[...] the complete subjugation of aesthetic, visual processes to scientific methods had to lead to the fact that art missed its actual goal, aesthetic redundancy. nevertheless, more recent generations of artists have not forgotten the basic idea of this historical development: to make the methods and conditions of their practices tangible in each individual work of art and thus "verifiable" for the recipients. a term, incidentally, that plays a considerable role in systematic-constructive art, because it describes the objective dimension of this artistic approach, an art that is not, as norbert thomas writes, drawn “from the hollow belly", but arises on the basis of logical processes.
it was the generation of artists to which thomas belongs that began to sense a certain dogmatization of systematized methods and sought ways to find new freedom for their subjective gestaltungsbedürfnisse (creative needs). most important was not to give up the foundation of the systematic-constructive approach; i.e. controllability and the logic of the underlying concepts were not to be abolished in favor of a new "sensibility" or a misunderstood "freedom," which in reality is only arbitrariness. thomas belongs to those artists who work with a method that initially might seem paradoxical: "planned coincidence". he writes: "the contradiction—planned chance—means only apparently a conscious inclusion of chance as a gestaltendes (formative) element—but not in the sense of an arbitrary appearance."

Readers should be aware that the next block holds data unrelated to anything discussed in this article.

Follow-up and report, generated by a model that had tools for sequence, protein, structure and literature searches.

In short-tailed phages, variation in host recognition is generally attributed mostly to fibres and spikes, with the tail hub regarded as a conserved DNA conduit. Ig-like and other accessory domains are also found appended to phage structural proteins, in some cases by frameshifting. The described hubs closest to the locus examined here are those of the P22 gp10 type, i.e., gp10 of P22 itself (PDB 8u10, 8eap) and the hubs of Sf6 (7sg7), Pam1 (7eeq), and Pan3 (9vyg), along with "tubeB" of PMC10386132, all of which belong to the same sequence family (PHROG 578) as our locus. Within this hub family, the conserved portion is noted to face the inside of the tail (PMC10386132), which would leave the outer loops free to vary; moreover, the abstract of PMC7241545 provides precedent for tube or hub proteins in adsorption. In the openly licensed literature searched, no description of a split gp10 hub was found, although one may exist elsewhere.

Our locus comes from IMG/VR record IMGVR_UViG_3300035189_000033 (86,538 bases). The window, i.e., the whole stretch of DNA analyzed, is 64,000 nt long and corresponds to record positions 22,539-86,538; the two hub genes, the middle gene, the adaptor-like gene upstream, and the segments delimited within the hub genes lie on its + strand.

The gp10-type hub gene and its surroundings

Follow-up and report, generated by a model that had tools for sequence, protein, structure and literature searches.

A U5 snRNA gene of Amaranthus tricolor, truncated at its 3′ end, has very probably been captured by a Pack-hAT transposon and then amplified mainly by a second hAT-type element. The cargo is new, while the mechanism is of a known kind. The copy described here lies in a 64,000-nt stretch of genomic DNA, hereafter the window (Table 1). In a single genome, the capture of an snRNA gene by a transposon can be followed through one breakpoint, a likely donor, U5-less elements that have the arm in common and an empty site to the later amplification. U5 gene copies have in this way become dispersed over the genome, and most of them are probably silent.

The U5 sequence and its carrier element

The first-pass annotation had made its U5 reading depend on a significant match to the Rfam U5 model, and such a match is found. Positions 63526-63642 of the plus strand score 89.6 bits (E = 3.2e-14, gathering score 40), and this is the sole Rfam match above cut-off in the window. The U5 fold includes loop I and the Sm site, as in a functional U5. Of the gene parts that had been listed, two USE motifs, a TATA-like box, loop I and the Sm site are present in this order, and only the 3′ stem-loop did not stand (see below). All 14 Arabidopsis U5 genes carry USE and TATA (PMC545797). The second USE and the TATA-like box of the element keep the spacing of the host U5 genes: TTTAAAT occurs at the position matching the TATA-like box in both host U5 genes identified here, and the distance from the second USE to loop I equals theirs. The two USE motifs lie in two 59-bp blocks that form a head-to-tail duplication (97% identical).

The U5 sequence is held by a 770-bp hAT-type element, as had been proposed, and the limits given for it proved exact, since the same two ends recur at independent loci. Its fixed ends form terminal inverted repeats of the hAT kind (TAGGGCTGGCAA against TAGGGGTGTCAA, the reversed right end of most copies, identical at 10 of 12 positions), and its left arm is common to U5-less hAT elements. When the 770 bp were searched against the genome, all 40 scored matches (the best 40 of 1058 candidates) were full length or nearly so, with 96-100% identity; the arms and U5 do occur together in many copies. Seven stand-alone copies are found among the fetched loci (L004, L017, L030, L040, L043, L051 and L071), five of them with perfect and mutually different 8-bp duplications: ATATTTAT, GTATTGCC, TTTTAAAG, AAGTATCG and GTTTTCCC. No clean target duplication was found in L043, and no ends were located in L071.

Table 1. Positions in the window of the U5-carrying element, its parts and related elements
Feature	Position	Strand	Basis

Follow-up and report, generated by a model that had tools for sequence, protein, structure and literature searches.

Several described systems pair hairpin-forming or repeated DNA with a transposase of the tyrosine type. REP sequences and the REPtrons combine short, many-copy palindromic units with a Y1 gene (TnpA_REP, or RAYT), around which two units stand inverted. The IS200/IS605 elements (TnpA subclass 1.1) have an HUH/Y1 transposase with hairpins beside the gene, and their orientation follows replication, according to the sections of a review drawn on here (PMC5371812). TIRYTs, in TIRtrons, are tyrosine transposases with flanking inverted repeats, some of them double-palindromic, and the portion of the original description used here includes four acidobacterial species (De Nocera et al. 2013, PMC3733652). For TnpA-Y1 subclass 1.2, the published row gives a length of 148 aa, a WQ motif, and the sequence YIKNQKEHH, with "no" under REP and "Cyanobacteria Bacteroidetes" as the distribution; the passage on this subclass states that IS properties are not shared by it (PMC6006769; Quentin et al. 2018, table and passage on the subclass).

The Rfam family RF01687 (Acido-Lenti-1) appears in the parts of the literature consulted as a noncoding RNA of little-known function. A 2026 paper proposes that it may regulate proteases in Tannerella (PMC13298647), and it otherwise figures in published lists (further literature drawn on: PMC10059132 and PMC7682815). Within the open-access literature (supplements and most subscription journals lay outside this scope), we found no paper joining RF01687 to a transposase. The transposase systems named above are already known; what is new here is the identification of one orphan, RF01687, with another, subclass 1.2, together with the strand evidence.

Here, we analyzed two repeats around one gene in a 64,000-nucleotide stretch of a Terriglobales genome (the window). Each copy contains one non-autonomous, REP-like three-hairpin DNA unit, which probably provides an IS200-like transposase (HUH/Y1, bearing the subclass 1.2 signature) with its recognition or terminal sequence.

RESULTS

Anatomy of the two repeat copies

in his practice, thomas complied with a basic rule that has been violated by many artists of his milieu, namely, the that an aesthetic decision must precede the choice of working method and system, not vice versa, that aesthetic value underlies the logic of the sytem. the difference is simple: a curve that appears as a visualization of a mathematical formula may well have a high aesthetic value. nevertheless, it remains nothing more than a mere function; its artistic value is exhausted precisely there. thomas has therefore preceded each logical step within the system with a visual decision and thus, as an artist, keeps the overall effect in mind. this well documented in the four sheets of this portfolio.
hans-peter riese, 1981 (excerpt, translation from the original german)